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3 Signs Your Baby Could Have a Hearing Problem

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Hearing problems are not always noticeable in very young children. However, it is vital to identify hearing impairments as early as possible to support your child's development. Research shows that babies with significant hearing loss in each ear find it easier to develop language and speech skills if they start using hearing aids before they are six months old. To ensure your child gets the support they need to hear clearly, look out for these three common signs of hearing problems in babies.

1. Not Reacting to Loud Noises

Babies usually startle easily. Loud noises such as alarms, bangs, crashes, shouts and screams often trigger crying. If your baby seems unperturbed by loud noises, they might simply have a very laidback personality, but it is worth taking them to a hearing specialist to check for a hearing problem.

2. Ignoring Attempts to Soothe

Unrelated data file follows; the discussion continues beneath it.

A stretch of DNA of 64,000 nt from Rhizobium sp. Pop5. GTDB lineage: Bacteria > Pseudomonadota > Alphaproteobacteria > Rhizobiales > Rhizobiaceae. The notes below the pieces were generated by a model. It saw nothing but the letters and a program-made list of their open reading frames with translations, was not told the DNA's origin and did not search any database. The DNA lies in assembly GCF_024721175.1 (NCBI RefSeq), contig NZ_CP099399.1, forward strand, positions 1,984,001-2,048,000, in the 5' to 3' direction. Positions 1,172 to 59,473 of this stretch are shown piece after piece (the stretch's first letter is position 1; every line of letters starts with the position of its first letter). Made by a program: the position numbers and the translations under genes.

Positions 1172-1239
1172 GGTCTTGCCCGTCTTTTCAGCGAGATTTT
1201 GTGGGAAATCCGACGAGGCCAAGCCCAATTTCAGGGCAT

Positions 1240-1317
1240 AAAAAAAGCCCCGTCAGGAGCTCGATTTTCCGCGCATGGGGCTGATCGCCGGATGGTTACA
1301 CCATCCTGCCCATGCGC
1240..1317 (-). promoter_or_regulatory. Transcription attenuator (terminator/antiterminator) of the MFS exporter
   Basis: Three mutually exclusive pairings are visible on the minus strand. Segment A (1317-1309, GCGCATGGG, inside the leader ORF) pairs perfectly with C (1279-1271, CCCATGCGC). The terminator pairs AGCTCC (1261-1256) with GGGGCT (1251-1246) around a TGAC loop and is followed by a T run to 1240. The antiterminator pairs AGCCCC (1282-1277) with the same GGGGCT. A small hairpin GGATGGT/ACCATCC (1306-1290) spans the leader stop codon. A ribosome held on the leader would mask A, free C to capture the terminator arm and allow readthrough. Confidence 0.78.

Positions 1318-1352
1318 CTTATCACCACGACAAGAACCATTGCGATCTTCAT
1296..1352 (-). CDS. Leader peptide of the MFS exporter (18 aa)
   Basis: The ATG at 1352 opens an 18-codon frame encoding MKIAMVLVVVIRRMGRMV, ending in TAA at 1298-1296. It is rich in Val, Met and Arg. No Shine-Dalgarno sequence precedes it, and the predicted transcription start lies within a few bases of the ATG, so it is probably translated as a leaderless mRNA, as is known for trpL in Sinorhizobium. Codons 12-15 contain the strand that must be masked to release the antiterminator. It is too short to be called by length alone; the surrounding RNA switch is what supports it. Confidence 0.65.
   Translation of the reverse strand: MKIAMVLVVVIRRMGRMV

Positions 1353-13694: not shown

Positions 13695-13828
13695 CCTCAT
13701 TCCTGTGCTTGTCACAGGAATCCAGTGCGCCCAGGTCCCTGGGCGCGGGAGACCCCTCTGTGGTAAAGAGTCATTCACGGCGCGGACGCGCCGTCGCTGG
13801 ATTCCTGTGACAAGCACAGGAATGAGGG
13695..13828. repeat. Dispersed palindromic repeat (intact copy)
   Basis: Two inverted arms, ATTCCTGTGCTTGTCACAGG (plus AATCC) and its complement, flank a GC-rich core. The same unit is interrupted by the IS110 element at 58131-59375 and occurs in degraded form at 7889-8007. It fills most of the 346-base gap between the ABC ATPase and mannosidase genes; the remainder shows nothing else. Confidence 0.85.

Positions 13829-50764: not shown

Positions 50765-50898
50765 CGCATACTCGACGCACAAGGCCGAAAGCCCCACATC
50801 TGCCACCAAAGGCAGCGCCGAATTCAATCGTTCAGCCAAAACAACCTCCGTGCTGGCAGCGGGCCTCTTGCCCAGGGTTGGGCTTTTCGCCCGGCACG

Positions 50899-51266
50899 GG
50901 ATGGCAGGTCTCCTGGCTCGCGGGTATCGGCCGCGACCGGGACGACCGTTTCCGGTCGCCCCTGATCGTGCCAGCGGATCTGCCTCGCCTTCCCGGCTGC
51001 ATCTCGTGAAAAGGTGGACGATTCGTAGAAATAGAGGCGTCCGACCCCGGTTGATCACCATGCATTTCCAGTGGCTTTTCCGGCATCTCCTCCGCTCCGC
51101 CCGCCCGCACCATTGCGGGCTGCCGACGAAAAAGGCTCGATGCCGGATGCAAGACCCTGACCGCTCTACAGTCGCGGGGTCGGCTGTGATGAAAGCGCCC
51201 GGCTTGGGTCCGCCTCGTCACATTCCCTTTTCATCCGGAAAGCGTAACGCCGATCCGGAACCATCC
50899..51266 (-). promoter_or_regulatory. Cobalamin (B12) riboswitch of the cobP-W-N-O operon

Pleasant sounds, such as soft music or a parent's calm voice, should soothe most babies. Talking gently to a baby that is fussing is a good way to get their attention and help them to calm down. However, babies with hearing problems might not be able to hear these soft, soothing sounds. If your child routinely ignores your attempts to soothe them by talking or singing and has no reaction to gentle music, consider getting their hearing tested.

3. No Attempt at Talking

Babies learn by copying their parents and caregivers. Most children who regularly hear speech around them start making their own babbling noises between the ages of four and six months. You might hear them say simple words, such as "dada" or "mama." Later, at around 18 months or two years of age, kids typically begin combining words to express simple desires, such as "pick up" or "hug mama."

Children who have undiagnosed hearing problems do not make as much progress with speech and language development as their unaffected peers. Of course, every child develops at their own rate, but if your baby is very slow to start talking, it is worth having a doctor check their hearing.

If a hearing test reveals that your baby has hearing problems, try not to worry. Hearing aids can help many hearing-impaired children make progress with learning to speak and understand language. By ensuring your hearing-impaired child uses hearing aids consistently, you can give them the support that they need in order to catch up with their peers.